For those of you that don’t know, my day job is a blessing. I am a full time theatre educator at an arts charter school in an urban area of Rhode Island. The school is the Beacon Charter High School for the Arts in Woonsocket, RI. For ten years I have taught there through a plethora of different changes of title, duties, and expectations. I have been honored by my colleagues both by awards, but mostly by having the privilege to work along side them. 

     I was hired as the “artist in residence.” My role grew once I earned certification to teach Visual Arts, and again when I earned a second cert in Theatre Arts. I was hired to be the second hand to the Visual and Theatre Arts teachers already on staff. I have been and continue to be blessed to be able to do my art and share my passion with  at least 60 students per year. Each semester, each day, presents different inspiration and challenges. Today was an exceptional day.

     It was “Senior Arts Night.”  The evening where we invite the community to partake in the artistic prowess of our Senior students. The culmination of three and a quarter years of training and pursuit of passion are attempted to be encapsulated into a single night. However, tonight felt different. It felt calm and relaxed. Bizarre coming from me. In actuality, for me it was time to sit back and watch the students do their work independent of the strings controlled by me. This is why I do what I do. The reward for all of the work is watching them create freely without my direction, a night of plays, monologues, and scenes that hey have written or learned (in the case of the Shakespeare pieces). 

     The most remarkable thing is watching them launch past the simplistic ideas and typical to a place of theatrical prowess that focusses on being genuine and spontaneous. But the portion that always gets me is the respect they have for me. I’m the strict, unpredictable, impossible to read, scary bald man at the front of the room. But for the last two years that I have been running the program, my Seniors on Senior Arts Night have written me letters and notes on what is is to be in my classes. I know I must have done something right for a group of teens to take the time to publicly recognize that they have learned and been inspired by something, especially a teacher. It is truly a humbling experience.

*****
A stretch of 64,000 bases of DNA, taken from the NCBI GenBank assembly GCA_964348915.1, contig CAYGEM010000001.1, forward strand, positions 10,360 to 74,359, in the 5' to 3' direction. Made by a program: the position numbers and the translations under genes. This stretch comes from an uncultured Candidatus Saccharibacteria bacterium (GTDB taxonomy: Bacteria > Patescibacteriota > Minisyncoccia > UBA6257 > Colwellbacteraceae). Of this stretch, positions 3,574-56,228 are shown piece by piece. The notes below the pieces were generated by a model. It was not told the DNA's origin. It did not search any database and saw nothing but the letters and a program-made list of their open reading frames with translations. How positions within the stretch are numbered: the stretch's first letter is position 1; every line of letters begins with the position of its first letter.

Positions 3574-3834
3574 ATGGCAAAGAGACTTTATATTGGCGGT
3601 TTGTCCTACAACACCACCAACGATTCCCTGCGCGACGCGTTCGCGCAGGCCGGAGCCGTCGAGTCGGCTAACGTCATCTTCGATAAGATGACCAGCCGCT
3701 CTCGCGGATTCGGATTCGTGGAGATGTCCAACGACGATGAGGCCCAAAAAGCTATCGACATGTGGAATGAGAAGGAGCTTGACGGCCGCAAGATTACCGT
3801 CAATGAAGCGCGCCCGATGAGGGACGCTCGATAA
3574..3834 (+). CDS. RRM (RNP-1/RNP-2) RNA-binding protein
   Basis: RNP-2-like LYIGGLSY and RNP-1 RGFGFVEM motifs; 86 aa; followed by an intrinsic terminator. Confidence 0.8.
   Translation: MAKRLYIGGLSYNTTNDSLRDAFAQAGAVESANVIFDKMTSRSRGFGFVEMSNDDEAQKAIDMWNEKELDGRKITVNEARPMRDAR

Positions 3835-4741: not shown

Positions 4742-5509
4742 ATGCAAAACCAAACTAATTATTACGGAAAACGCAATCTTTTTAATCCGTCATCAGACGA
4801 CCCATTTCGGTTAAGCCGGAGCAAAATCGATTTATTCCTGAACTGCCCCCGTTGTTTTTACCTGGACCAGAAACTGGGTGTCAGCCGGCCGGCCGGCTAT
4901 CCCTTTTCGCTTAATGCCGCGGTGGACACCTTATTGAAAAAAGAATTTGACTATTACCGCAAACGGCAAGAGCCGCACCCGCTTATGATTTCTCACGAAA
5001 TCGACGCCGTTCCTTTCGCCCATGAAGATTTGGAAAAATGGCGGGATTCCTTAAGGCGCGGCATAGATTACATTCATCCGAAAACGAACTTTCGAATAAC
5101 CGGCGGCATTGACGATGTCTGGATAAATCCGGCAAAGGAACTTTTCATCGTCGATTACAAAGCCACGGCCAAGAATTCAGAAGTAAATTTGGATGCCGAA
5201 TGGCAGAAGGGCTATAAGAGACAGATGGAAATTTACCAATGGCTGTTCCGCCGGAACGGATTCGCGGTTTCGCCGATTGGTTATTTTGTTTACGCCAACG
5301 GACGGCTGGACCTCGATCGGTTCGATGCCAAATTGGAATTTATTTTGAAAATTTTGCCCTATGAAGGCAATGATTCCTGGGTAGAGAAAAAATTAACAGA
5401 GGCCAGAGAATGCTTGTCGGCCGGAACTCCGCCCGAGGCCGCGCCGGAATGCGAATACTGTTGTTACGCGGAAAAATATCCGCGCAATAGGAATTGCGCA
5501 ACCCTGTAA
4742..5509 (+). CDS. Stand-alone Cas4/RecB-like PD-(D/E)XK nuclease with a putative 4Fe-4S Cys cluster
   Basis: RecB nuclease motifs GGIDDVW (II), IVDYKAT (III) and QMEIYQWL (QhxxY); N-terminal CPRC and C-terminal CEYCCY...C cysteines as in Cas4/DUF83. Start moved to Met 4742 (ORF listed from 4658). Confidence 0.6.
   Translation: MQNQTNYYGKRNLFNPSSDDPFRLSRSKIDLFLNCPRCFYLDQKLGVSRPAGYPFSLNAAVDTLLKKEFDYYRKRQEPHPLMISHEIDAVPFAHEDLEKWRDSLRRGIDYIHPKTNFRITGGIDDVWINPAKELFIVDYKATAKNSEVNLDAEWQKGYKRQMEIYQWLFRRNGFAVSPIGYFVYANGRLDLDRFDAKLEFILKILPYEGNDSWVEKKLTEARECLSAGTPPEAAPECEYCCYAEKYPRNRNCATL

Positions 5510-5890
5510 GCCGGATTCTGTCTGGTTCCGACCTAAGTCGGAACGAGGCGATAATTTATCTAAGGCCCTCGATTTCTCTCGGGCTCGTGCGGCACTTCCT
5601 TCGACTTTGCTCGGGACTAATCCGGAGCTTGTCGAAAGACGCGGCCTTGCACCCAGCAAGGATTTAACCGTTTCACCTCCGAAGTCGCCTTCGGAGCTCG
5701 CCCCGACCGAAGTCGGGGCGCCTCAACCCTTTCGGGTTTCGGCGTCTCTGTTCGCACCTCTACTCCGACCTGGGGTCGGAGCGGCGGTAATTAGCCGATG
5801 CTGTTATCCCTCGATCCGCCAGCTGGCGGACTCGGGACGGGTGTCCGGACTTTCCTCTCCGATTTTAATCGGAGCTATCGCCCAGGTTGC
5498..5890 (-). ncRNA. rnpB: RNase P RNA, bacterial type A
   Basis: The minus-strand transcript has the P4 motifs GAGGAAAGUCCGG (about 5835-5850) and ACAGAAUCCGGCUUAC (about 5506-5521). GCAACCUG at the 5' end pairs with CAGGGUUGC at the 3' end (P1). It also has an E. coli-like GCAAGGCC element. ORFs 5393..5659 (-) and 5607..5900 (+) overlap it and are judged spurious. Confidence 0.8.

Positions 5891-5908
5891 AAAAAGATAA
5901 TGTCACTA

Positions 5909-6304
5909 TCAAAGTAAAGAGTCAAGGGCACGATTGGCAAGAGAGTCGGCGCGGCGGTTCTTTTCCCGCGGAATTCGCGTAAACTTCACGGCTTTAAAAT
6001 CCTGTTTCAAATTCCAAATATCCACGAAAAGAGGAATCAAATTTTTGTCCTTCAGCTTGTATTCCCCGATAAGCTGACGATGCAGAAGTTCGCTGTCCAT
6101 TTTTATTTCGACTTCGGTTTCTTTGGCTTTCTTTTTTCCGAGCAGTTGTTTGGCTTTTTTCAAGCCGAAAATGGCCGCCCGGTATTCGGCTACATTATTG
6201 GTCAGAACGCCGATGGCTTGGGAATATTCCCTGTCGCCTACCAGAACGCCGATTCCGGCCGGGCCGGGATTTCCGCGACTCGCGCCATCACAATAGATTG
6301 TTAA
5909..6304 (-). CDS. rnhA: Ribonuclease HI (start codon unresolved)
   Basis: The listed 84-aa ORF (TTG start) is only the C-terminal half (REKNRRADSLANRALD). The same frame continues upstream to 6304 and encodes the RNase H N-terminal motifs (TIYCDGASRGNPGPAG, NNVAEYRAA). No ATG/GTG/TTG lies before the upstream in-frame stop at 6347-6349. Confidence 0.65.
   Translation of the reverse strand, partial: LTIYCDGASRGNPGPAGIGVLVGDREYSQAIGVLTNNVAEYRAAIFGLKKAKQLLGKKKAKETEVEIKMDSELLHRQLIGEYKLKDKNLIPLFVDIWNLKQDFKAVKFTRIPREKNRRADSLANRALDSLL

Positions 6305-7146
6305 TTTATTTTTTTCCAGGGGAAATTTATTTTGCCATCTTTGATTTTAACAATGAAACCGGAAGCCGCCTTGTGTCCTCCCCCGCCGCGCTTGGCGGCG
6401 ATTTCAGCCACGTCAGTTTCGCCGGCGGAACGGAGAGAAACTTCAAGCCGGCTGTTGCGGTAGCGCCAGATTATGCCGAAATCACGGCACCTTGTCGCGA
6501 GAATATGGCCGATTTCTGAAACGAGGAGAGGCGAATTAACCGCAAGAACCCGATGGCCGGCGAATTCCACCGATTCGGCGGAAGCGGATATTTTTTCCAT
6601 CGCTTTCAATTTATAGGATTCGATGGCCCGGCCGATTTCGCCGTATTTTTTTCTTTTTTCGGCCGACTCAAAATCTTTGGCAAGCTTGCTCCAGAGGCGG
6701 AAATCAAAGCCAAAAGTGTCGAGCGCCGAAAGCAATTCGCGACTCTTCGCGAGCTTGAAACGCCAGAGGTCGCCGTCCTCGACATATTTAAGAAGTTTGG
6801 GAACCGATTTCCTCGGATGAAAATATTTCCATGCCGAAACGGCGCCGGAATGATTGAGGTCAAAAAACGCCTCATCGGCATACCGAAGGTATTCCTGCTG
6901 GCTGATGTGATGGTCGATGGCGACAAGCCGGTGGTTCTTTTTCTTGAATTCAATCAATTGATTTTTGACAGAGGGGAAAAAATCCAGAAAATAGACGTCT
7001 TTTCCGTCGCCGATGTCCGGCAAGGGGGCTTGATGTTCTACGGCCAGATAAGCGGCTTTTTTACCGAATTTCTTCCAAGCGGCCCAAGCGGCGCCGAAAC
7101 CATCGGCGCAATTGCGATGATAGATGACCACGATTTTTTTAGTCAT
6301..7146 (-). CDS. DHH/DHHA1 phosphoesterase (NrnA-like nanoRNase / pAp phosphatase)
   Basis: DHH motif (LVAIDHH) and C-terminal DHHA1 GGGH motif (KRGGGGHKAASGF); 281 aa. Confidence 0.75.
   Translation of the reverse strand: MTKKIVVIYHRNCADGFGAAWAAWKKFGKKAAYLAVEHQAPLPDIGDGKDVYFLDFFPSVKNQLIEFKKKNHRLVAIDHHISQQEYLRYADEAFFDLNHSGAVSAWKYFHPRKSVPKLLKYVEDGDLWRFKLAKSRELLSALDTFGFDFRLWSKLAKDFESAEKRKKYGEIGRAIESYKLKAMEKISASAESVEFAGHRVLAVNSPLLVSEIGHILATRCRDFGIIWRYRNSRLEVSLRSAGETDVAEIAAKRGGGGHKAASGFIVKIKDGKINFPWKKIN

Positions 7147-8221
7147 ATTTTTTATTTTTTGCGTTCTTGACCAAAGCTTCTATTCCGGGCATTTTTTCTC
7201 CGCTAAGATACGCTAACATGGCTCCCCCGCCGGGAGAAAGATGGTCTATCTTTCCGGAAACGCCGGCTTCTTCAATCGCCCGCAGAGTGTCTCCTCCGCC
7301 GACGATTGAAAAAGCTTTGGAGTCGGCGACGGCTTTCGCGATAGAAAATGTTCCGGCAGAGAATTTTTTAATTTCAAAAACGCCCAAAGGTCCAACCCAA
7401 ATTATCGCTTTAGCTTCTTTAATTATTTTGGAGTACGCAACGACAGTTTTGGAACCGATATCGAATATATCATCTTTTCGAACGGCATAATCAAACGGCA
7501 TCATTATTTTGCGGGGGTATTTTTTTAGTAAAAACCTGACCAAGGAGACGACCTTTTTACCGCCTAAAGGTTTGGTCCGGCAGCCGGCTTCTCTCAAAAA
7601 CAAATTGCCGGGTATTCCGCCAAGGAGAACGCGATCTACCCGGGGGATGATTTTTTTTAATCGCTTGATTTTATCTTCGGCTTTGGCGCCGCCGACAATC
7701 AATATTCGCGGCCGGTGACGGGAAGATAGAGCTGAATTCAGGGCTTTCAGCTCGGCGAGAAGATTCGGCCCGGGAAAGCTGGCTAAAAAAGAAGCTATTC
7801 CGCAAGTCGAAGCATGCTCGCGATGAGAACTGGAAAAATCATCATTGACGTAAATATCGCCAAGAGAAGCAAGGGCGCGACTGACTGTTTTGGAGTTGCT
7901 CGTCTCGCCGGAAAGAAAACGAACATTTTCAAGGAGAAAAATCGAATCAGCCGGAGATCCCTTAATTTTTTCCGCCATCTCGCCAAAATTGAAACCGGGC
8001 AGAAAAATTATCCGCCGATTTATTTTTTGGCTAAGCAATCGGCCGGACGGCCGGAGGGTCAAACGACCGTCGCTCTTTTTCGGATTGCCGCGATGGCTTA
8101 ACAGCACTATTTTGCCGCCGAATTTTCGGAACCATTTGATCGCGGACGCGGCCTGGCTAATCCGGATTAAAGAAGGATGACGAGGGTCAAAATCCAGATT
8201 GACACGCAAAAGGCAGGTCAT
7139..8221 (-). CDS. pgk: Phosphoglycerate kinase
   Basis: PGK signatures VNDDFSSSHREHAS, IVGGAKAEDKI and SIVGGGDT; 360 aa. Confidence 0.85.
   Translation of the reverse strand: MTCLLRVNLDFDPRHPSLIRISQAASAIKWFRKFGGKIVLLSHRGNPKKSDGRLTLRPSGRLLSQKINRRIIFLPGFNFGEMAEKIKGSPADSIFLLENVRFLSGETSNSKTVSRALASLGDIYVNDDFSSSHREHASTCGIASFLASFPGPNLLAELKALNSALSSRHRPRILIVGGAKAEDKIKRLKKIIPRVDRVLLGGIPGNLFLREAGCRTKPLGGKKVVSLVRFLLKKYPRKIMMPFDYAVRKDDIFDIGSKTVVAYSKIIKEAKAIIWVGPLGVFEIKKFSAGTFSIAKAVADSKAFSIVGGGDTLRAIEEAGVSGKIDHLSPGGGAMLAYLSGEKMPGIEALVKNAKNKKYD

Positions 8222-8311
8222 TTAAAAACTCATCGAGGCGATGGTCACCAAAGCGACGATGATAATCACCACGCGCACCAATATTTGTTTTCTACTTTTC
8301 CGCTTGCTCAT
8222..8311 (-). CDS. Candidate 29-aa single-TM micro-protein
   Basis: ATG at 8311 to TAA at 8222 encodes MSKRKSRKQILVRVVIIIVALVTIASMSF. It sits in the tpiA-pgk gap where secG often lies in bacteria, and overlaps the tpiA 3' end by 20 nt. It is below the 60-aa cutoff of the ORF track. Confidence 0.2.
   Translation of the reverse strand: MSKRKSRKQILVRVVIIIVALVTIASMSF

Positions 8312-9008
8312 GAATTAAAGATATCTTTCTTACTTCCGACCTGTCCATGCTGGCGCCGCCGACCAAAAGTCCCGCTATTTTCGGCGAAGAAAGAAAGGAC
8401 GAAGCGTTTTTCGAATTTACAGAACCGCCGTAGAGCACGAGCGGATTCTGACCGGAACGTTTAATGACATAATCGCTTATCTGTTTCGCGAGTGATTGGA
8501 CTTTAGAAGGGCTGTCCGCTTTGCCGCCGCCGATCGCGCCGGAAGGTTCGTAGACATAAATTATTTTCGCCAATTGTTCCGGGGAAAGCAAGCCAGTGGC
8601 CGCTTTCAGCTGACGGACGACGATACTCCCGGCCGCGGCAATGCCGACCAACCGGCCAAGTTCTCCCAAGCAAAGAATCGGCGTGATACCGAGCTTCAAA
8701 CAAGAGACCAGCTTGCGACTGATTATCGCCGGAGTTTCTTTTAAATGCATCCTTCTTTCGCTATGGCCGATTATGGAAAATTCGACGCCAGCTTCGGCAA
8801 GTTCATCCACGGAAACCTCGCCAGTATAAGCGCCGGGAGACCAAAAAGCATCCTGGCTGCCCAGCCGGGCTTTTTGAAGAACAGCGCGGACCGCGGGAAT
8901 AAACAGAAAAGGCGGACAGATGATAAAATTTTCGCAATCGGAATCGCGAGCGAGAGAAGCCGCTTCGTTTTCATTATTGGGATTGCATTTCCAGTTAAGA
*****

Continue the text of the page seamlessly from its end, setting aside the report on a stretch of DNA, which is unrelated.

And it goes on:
I sit here reading the notes the students gave me and get a little bit more happy in the choices I have made. I choose to be an educator with passion. I choose to be genuine. I choose to be passionate and not hide it. I choose to learn from my students as they learn through me. They made me inexplicably proud tonight as did there peers from last year (my first year alone in the program). To know that they have earned three very important things and can put them into practice:


Respect for Art

A work ethic that includes initiative and a willingness to create

     So, to the class of 2018, my sincerest thanks for your teaching and your learning, your kindness and respect, which has always made me feel a part of the class and not an outside force driving and dragging the class forward. May your futures continue to get brighter. My the muses bless you with inspiration as we begin the next chapter – Senior Project!

Wages of War – The Fairy Wars Continue.

I have been holding out on everyone. Perhaps this will get me back on track with writing. It is raw, it’s unedited (mostly, I polished it a bit). 

In 2012, I wrote another 45,000 words (give or take) to the follow up to Broken Silences, Wages of War. It was supposed to be the second in a trilogy called,  The Fairy Wars. I’ve been sitting on it for nearly six years and I think it is time to let it go out into the internet aether. 

So, to all of the dozens of folks who were so kind as to read my first novel, I will release here in chapters the next novel. Enjoy… 


Wages of War

copyright 2012 Jason Robert LeClair


Chapter 1 –    Blood and Stone


     I couldn’t shake the feeling of powerlessness. Sitting looking at the stone floor recalling the worst days of my life as if I were there in some shadow seeing it all silent and unobserved, cold and unfeeling; separate from the world I’m viewing, but my senses have declared my mind a battleground.

     Seconds before I was simply sipping a glass of red wine when a sound startled me and it spilled. Not dramatically with a crash of glass and the like, but a simple tilt too far and liquid met with gravity’s power until it splashed upon the cobblestone underneath my feet. It mesmerized me, preventing any attempt to look away. A wave of emotion met my every thought. Memories are horrible things. I struggled to bring myself into that moment. I was in a bistro on a quiet street in a quaint French village, not in an archaic prison cell.

     The fight for this moment was lost and the past threw it to the ground and took over. Feeling of being an observant shadow staring at myself flooded my entire body. For me, this was familiar, it had been occurring now for months. Images, sounds, smells, tastes and feelings rampaged my being as I slipped, trancelike, backward into my past but as a viewer, not a participant.